Interview: Derwin Daniels


Interview: Derwin Daniels

What inspired you to create “Brighter Than This,” and how does it differ from your previous work?

Actual writers are: Edward W. Sealey, Lea L. Low and Felton C. Pilate. 

Producer Felton C. Pilate introduced me to the song and thought it was a good fit for my sound on the saxophone.

Can you describe the collaborative process with producer Felton Pilate and how it influenced the final sound of the single?

 Felton and I worked together on the “Masters of Funk Tour.” Him with ConFunkShun and me with Sugarfoot’s Ohio Players. We performed for several years in that setting. I also knew of him as a great producer. Sonically the sound is great and the song has such a catchy phrase that people hear it and tend to hum the phrase. 

Given your background as a saxophonist, how did you approach incorporating your signature style into “Brighter Than This”?

After hearing the track and the instrumentation, we decided on the tenor saxophone. We thought the male tenor voice would work well with the supporting horn licks. 

You’ve mentioned that “Brighter Than This” holds a special significance for you. Could you elaborate on the personal connection you have with this track?

I believe music has healing qualities. Listening to the melody and chorus along with the title lifted my spirits. We all have some downturns and I felt this song could be inspirational for the listening audience.  

How do you believe your upbringing in Beaumont, Texas, and your family’s musical background have influenced your musical journey and the creation of this single?

Music was not just for listening in my home growing up. It was also a way of life for our survival. My dad was a professional musician. We counted on his gigs as a provider. The motto from my high school there was “Whatever we do must be the best.” I think of that phrase on every song I perform. “Brighter Than This” is no different.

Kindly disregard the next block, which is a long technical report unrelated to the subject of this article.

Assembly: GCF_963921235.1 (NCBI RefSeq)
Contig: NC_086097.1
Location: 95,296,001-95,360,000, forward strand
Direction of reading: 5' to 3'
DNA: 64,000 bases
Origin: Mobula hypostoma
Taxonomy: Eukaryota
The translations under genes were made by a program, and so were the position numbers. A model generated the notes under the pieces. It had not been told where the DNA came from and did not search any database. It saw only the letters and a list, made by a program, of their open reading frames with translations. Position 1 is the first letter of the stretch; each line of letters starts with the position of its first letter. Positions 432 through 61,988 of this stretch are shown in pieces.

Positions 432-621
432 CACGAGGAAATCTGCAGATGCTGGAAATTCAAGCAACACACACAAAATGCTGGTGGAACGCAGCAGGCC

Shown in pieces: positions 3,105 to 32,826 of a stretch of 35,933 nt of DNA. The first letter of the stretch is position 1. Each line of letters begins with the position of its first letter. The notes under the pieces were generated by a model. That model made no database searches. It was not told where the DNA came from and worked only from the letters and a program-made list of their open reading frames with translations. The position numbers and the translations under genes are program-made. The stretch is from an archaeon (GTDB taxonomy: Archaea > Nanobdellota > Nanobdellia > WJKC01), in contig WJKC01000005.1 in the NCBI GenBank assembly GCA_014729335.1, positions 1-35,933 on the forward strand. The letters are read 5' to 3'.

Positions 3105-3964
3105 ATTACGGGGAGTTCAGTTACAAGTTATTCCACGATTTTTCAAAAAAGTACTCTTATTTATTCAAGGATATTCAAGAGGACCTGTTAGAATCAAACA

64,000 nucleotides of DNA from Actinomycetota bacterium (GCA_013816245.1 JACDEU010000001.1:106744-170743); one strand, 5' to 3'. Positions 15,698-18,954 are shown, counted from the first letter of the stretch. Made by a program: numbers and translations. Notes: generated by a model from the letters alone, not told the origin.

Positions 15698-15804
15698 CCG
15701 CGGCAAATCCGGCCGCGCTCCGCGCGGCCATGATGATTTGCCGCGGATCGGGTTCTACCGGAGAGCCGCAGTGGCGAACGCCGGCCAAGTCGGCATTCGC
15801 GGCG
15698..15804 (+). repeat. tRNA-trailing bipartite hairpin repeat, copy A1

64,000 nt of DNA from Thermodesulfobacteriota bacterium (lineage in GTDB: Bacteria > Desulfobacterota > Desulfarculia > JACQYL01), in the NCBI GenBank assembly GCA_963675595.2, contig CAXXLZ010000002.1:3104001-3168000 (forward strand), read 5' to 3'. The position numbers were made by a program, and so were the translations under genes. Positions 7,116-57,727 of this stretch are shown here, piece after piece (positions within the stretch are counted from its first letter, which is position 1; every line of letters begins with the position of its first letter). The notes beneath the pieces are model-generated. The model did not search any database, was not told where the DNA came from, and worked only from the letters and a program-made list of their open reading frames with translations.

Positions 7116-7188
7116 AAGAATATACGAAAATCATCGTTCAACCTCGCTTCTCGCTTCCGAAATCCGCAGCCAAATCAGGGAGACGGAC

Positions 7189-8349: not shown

Having toured with iconic musicians like Barbara Lynn and Leroy “Sugarfoot” Bonner, how have those experiences shaped your approach to creating music as a solo artist?

In bands growing up we always performed what was hot on the radio or popular. Barbara as well as Sugarfoot always performed their original material. I got to see that we all have a voice that the world needs to hear. 

In what ways do you feel “Brighter Than This” reflects your growth and evolution as an artist since your collaborations with renowned bands such as the Ohio Players?

I think the production of Felton and co-writer Gerard Winslow with JEG Multimedia Group, and their career advice has moved me more into the artistry of the business of music.

The press release mentions the synergy between musicians during the recording process. Could you share a memorable moment or anecdote from the studio session?

Yes! I go into the studio with soprano, alto and tenor saxes. I listen to what Pilate has tracked. I immediately said, I hear a male tenor voice on this (sax is the closest instrument to the human voice). Also, he advises ” think Jr. Walker.” You can hear that Jr. Walker texture during the song.

How do you envision “Brighter Than This” resonating with listeners, and what message or emotion do you hope it conveys to your audience?

This song is in the major chord category. Happiness and joy is the message I want listeners to take from the song. 

As an artist known for captivating live performances, how do you plan to translate the energy and spirit of “Brighter Than This” to the stage for your upcoming shows and festivals?

All of the nuanced sounds you hear from the studio will be in any live performance. I want audiences to have that sonic experience. 

Brighter Than This will be released on March 29

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